Greens say PSPO plan needs more thought

July 15, 2016


Green councillors yesterday set out their opposition to a council plan to introduce Public Space Protection Orders in the city’s open spaces, calling for a delay to allow time to improve the effectiveness of the proposals.  The proposal was agreed by Labour and Conservative councillors at the meeting of the Policy and Resources committee on Thursday.

Councillors Ollie Sykes and Phélim Mac Cafferty have recently been instrumental in tackling antisocial behaviour on Brunswick Square, working in partnership with police and residents and using existing legislation to resolve the issue. They expressed concern that Public Space Protection Orders add little to existing powers while carrying a high risk of legal challenge.

Public Space Protection Orders have been highly controversial in some areas of the country, such as in neighbouring Worthing, where they are proposed to be used to fine street beggars, despite a massive 86,000-strong petition against the plans. Greens say the legislation is heavy-handed and could have a discriminatory impact on certain protected groups.


Councillor Mac Cafferty, Convenor of the Green Group said:

“We have major concerns with the speed with which these proposals are being pushed through, despite threats of legal challenge and significant equality impacts having been identified by Council officers.

“We know the distress and damage that can be caused when people camp or move vehicles onto our sensitive open spaces in the city. That’s why we pushed so hard to create a permanent and transit site for travellers when we were in administration, so that these groups would have spaces to move to which would not lead to such a negative impact on residents.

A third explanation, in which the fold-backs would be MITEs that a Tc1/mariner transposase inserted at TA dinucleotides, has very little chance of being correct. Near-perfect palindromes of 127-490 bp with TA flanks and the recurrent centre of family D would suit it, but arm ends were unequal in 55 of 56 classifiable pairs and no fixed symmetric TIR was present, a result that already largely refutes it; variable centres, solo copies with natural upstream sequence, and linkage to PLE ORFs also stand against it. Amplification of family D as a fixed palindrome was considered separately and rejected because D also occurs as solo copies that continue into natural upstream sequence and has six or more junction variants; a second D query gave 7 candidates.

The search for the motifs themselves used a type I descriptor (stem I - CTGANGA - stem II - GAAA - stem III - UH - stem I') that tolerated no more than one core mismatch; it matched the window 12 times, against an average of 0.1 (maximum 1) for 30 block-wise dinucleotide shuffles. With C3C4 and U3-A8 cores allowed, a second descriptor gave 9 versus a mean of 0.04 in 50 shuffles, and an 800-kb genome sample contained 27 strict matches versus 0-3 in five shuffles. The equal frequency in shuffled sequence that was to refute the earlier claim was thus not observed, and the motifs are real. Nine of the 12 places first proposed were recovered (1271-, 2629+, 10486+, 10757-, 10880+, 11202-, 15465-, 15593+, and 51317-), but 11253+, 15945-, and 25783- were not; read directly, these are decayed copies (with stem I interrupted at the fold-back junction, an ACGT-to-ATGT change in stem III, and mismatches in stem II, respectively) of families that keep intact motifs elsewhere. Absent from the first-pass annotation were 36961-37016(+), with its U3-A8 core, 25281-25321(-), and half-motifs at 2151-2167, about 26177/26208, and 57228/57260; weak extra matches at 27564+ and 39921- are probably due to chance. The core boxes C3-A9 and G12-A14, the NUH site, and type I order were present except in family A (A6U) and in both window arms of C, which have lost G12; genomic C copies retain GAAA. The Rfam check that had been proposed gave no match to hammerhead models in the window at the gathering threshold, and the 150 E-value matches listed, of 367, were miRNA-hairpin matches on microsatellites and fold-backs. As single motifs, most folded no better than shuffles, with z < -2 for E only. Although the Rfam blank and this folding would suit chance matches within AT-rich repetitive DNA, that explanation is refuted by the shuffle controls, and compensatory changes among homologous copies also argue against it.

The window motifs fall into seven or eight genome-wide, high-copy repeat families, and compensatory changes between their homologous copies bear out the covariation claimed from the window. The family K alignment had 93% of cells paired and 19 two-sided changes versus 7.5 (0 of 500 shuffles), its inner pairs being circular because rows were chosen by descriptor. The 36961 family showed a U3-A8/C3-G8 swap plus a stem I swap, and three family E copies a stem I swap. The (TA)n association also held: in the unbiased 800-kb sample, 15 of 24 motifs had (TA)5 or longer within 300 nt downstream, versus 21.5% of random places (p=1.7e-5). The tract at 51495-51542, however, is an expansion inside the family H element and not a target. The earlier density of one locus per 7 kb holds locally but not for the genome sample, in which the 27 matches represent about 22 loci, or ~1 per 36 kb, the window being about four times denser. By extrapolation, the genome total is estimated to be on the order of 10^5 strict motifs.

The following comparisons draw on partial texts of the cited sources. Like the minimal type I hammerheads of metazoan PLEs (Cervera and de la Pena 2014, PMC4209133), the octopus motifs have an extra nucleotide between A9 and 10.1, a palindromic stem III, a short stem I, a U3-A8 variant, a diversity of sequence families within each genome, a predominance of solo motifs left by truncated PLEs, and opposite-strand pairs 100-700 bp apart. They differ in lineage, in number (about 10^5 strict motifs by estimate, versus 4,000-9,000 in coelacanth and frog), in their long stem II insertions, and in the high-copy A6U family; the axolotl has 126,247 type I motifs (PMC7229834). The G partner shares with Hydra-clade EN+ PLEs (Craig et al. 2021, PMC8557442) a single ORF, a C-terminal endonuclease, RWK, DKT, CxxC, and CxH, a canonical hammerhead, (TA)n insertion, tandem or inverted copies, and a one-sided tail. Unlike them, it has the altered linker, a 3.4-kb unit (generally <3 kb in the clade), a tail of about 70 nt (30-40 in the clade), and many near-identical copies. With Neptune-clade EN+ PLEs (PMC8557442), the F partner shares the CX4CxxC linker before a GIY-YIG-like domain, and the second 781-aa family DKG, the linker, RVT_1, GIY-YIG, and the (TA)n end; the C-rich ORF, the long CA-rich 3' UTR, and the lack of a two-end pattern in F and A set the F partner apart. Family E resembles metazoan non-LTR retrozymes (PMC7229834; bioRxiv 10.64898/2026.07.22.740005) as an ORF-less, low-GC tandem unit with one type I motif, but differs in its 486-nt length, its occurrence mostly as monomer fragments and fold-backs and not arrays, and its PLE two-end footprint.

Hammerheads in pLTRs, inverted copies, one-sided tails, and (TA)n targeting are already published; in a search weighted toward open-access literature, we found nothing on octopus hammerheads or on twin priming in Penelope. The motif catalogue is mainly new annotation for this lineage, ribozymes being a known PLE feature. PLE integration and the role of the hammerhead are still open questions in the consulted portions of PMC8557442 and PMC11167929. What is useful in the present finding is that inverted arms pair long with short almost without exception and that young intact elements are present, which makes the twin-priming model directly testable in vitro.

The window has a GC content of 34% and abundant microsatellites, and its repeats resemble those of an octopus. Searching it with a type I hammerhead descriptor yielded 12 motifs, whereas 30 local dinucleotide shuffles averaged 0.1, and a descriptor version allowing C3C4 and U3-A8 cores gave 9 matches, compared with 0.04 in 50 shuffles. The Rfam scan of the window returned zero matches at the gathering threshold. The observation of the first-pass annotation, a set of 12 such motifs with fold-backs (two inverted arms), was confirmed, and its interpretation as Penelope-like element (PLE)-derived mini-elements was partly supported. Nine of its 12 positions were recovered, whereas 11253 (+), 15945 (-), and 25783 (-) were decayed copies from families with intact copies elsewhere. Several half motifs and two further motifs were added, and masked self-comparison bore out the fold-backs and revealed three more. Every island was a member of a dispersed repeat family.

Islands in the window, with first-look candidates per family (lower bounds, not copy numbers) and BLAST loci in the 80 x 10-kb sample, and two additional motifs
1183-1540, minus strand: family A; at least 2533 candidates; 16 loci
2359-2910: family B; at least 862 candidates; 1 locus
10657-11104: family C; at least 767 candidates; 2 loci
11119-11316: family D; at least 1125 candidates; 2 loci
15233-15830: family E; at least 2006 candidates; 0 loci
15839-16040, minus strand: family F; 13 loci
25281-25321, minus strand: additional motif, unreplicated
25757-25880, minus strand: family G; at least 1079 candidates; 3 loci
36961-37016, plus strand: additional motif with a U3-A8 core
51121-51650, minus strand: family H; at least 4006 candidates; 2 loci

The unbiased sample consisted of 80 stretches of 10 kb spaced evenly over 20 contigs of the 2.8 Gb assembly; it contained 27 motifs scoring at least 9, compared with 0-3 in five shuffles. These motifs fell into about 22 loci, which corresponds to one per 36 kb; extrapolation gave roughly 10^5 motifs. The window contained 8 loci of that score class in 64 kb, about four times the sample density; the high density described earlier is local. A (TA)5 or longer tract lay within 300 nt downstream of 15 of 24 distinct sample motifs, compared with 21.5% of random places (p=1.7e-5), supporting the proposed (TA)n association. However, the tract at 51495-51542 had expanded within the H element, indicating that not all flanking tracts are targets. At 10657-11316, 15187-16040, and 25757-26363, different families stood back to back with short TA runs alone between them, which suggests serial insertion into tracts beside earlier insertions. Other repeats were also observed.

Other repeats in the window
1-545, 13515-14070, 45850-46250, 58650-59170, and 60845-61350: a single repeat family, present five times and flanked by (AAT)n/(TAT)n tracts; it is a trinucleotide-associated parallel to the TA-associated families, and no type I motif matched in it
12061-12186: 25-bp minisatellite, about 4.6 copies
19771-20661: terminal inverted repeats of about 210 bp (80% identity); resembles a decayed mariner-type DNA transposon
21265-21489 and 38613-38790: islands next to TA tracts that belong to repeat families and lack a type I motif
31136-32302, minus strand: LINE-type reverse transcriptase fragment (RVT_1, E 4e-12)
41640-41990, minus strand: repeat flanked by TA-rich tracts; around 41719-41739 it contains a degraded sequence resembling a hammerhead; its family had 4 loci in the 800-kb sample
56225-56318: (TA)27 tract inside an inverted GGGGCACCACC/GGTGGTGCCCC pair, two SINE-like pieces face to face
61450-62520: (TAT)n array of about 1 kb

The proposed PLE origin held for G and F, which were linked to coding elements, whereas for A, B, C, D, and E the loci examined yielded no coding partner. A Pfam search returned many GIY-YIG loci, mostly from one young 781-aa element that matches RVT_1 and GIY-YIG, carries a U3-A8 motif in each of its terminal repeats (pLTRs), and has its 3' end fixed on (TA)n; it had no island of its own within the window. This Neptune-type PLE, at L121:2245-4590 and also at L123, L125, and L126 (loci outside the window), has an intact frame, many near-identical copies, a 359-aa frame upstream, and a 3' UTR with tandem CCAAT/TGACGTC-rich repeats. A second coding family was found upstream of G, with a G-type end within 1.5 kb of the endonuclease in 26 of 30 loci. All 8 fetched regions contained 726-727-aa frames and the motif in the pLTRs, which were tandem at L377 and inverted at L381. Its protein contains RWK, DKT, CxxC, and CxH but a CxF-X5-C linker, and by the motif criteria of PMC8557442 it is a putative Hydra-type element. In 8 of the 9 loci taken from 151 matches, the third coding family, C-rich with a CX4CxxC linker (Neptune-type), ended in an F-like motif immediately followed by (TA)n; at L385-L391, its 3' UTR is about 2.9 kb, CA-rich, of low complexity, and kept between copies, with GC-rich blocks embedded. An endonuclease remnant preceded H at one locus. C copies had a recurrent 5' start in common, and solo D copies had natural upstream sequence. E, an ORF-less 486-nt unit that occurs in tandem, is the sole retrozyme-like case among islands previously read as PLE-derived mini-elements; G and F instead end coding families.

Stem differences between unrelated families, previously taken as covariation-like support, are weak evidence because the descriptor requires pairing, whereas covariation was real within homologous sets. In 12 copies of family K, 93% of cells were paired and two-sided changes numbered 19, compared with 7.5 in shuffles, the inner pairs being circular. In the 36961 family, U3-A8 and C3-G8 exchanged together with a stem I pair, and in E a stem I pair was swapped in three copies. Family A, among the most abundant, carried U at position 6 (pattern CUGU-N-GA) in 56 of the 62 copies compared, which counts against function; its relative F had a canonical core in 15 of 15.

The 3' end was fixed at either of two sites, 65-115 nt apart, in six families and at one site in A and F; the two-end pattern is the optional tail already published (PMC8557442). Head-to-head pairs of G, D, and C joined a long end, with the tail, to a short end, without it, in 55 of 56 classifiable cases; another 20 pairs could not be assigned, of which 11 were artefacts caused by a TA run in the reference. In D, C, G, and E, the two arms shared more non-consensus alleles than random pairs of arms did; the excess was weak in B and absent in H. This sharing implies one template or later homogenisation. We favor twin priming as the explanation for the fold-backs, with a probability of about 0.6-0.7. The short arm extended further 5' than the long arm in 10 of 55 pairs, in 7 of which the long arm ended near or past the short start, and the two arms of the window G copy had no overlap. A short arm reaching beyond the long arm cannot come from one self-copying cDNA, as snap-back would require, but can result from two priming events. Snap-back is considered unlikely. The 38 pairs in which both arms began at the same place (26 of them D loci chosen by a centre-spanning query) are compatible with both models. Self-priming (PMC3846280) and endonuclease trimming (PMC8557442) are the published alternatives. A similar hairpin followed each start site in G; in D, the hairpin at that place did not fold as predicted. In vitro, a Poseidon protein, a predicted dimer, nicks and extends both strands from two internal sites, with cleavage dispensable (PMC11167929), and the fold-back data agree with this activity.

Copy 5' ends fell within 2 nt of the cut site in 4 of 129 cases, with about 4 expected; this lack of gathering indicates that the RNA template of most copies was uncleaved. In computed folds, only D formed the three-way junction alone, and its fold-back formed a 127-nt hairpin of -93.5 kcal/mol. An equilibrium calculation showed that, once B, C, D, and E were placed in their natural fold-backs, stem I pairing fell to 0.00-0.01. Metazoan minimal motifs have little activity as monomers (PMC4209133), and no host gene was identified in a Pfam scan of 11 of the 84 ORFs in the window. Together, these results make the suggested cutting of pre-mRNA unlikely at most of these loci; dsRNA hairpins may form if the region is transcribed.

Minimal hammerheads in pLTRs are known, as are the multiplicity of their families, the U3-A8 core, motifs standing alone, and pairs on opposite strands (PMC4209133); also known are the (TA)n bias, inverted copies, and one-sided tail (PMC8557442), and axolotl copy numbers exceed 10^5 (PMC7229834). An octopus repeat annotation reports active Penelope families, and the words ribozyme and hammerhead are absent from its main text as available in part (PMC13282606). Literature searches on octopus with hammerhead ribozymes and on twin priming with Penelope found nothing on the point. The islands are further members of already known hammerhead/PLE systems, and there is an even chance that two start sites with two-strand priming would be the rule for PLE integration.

“It is important that the approach we take to unauthorised encampments recognises the growing problem of rough sleeping in the city which has led to a rise of individuals sleeping in tents. In dealing with this problem it is often necessary to take a nuanced approach which ensures vulnerable people can access any support they need.

“We welcome the recent recommendation from the Fairness Commission to create negotiated stopping places for Travellers, which is a continuation of our approach and means there are alternatives for Travellers which prevents them from being moved from one sensitive site to another.

“While we support any measure that allows us to better deal with distress caused by antisocial behaviour which might be associated with some unauthorised encampments, we need to get it right. We must ensure that any new powers are not applied unlawfully, and that alternative sites are available to prevent displacement to other sensitive sites. We should also ensure that sites such as the seafront squares are recognised as sensitive sites when developing our approach. It is important that we have a clear strategy which is fair, proportionate and robust and balances the need to prevent antisocial behaviour with ensuring vulnerable groups are protected”.




Cllr Ollie Sykes also spoke on the issue at the Policy, Resources and Growth Committee on Thursday, and his comments can be found here:


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